1. HARDWARE FAILURE - My computer has crashed or my internet is down or I lost my phone (or your e-mail got lost).
OF RANGE - I’m out of town with 2.no OUT internet or cell phone service. DEAD - Or perhaps in the hospital 3.andI’M too weak to type or dial. End of rant. Be sure to read what Kelly has to say on the issue. He does it with so much more eloquence and grace.
CHALK ILLUSTRATED SUMMER 2011 ISSUE 1 PAGE 15
Great Leaders \ continued
but what I love most about it is how the men in mission control, not just the astronauts themselves, are proven to be heroes for responding timely. They emerge as leaders. In a world dominated with the ability to communicate quickly with smart phones, laptops, and social media sites, it is sad that so few do. Calls are not returned promptly. Thank you cards are never sent. Emails fill inboxes. Text messages hang in limbo. Assignments gnments miss their due date.
What is the Consequence of Not Responding Timely? Much. You may not be leading a mission to safely return wayward astronauts from a mission gone wrong, but you really should respond to every message with a sincere level of diligence and importance.
to respond quickly (aka promptly) is a sign of weakness: they’re afraid it will show they don’t have more important activities, and that others will judge them inferior for too quick a response. But what does a quick response mean to the person receiving it? It tells them, “Hey! I matter. I’m important.” We like people that recognize us, spend time with us, and reach out to us. We admire them. We become enchanted. We want to do business with them. We want to help them. A quick response is endearing. It fosters loyalty. It matters. I’m hoping that the leaders that dig these communication moats around their castles don’t mistakingly believe they or are protecting themselves hem o their business by delaying their response. They’re not. They are, in actuality, creating more problems, creating more work and damaging the positive image they work so hard to make. The solution: Respond Timely.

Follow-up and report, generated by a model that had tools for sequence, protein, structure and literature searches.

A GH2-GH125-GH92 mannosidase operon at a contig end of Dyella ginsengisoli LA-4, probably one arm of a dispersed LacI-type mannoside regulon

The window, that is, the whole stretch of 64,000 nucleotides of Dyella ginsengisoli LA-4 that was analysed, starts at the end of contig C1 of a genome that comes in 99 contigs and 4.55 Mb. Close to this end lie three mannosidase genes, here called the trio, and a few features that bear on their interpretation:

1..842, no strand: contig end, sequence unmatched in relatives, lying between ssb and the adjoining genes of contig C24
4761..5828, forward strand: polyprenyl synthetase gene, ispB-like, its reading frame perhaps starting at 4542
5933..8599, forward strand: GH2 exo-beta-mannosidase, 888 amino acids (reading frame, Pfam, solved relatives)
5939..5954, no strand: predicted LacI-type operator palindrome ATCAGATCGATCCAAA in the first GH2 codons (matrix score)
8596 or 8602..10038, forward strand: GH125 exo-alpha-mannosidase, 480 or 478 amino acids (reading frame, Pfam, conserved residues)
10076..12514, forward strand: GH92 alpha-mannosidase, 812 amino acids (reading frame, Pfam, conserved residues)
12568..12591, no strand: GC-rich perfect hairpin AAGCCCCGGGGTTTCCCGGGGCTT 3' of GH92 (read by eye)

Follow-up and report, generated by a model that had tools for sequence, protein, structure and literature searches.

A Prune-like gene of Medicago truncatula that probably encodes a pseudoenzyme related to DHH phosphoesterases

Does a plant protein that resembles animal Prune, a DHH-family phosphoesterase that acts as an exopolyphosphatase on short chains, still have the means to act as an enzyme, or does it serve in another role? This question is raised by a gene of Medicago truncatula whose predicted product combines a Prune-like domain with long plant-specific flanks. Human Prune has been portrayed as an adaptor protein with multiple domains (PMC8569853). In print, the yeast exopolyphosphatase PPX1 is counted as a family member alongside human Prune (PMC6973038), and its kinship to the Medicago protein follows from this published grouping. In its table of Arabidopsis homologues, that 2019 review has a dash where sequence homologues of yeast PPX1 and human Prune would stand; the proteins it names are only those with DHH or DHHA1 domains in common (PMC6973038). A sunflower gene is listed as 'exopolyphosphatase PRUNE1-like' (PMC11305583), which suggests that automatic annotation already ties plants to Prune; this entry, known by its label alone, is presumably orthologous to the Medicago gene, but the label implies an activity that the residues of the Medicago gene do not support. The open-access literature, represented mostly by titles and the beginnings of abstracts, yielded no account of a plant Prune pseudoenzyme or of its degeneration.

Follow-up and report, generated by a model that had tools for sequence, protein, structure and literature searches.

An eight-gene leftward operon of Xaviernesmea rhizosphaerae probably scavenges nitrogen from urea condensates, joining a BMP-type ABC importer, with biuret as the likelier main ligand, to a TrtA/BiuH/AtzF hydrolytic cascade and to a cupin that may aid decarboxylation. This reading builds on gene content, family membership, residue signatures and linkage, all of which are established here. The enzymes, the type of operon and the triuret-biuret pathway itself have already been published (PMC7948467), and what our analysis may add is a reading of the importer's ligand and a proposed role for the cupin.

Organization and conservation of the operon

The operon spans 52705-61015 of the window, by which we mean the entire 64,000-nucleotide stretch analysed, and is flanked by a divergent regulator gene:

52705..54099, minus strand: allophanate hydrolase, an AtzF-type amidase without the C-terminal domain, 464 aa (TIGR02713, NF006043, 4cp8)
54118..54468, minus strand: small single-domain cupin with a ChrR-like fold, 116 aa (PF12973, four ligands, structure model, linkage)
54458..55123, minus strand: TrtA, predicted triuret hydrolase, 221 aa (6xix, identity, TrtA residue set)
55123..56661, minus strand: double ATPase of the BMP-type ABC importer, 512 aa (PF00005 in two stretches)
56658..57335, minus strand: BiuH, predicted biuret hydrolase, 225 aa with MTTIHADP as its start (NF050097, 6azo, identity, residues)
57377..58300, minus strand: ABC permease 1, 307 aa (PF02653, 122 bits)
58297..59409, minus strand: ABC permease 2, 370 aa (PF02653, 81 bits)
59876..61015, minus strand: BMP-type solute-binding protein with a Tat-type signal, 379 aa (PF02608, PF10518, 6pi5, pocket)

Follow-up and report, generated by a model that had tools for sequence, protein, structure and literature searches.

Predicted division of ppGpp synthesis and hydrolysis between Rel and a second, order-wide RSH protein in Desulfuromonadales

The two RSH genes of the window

But I Don’t Have Time to Respond to Everyone. Wrong! You can’t afford not to. You will be surprised how little time it actually takes.
Remember, You’re Not Replying to a Message, You’re Replying to a Person. How do you feel when you wait on hold, an e-mail remains unanswered, a call unreturned? If you’re like me you begin to question whether it was received, question the person on the other end, become frustrated or worse. When questions go unanswered people fill in the gaps. They often assume the worst. False information is spread, and negative impressions are formed. Am I not important enough to merit a reply? Is my question less important than others? Some leaders mistakenly believe that